11:12 Anne: I generally kept these materials together and it was my folder of preparation for what I needed to write some of these applications. First of all, you almost always need a copy of your transcripts, so I just had that handy so I didn’t have to go searching for it when I needed it. You almost always need a CV, so again, I just had that handy, a two page CV. I also had my set of go-to recommenders because many of these a fellowships also require recommendations. Then I had some talking points that I used as a basis for the essays for these different fellowships. They all require something a little bit different, but they almost always have a research component — what you’ve previously done, what you would like to do, some quantifiable results if you have those. Many of them have an outreach component, so I had this running list of what I was involved in with volunteer efforts and professional society involvement. Many of them have leadership component too, so again, I just kept that list of bullet points of some of the things that I’ve done and this just really helped me make the process smoother and faster, and when I went to go actually write one of these, I had something already there to go off of.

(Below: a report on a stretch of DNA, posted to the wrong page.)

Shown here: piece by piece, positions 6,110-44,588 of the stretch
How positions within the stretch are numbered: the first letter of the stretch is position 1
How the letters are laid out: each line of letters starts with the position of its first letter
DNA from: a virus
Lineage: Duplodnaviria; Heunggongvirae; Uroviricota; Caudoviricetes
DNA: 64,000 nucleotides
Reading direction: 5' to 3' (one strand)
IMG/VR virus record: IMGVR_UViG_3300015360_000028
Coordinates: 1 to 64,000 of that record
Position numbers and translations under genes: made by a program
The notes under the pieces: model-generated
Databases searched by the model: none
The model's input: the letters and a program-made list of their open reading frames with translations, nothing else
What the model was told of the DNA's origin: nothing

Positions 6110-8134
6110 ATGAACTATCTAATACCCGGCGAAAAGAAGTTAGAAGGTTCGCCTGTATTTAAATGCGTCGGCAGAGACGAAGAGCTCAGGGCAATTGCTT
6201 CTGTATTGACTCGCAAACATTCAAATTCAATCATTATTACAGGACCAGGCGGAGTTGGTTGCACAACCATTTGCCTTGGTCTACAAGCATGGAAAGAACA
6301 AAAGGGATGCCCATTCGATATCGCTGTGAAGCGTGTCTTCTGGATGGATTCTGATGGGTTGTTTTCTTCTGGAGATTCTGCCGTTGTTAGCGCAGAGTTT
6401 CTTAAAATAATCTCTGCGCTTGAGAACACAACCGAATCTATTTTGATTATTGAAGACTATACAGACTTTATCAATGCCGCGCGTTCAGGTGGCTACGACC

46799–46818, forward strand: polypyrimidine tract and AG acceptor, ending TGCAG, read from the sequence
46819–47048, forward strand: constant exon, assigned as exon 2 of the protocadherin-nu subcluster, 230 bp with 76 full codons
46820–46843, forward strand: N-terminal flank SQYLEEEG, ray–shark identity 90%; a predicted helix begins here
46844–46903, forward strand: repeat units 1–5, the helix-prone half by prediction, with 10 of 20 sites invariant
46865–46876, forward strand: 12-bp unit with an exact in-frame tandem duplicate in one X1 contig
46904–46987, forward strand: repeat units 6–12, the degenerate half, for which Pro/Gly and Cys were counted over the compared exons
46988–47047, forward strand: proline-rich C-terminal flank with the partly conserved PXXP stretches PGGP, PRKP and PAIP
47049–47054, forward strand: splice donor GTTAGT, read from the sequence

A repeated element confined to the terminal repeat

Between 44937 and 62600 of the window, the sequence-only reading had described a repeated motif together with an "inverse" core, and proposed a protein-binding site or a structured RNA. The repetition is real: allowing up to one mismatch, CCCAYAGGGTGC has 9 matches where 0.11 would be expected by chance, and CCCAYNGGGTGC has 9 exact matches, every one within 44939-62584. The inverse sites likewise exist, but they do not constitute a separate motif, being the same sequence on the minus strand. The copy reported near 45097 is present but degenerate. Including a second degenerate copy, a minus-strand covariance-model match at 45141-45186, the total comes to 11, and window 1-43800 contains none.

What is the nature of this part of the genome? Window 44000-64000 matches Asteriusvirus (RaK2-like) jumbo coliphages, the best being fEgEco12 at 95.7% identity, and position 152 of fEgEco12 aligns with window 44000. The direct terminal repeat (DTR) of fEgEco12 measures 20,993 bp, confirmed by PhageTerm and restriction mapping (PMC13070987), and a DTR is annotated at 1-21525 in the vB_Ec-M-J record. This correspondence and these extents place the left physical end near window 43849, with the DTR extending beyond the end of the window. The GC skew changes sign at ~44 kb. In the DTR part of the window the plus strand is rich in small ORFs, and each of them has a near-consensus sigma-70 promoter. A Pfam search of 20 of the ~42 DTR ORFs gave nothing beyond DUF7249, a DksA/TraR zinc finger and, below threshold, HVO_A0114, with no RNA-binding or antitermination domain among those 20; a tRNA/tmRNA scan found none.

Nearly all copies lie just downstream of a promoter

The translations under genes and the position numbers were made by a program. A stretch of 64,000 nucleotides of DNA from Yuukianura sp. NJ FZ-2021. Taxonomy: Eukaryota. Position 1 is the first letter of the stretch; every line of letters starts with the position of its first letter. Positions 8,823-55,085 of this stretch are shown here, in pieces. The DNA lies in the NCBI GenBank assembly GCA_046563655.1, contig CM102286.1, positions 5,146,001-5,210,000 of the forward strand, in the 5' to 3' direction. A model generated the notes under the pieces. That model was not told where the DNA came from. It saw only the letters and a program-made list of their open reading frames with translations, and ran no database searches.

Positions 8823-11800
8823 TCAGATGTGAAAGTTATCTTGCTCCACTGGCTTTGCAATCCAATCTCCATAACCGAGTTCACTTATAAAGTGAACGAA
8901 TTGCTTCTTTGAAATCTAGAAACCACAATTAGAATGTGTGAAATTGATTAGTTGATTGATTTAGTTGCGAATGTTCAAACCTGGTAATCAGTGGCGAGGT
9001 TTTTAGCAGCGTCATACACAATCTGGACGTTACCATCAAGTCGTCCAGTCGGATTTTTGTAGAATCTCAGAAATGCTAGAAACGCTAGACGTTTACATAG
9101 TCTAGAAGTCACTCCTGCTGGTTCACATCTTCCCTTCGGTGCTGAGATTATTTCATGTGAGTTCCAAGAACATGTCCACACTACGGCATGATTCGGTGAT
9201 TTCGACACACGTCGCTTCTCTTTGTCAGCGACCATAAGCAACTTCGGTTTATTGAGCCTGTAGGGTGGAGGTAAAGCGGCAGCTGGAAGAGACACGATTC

12:39 Emily: It kind of seems to me that the more of them you write, the easier it gets, right? Because you can reuse the themes and reuse some of the wording and so forth from your previous submissions.
Building Up Your CV
12:51 Emily: We talked a little about the process of writing applications, but what about the other things that you just mentioned, which was building up your CV, building up your leadership experiences, building up your outreach experiences. What did you find were relevant experiences that you had that you think helped you win these when these awards?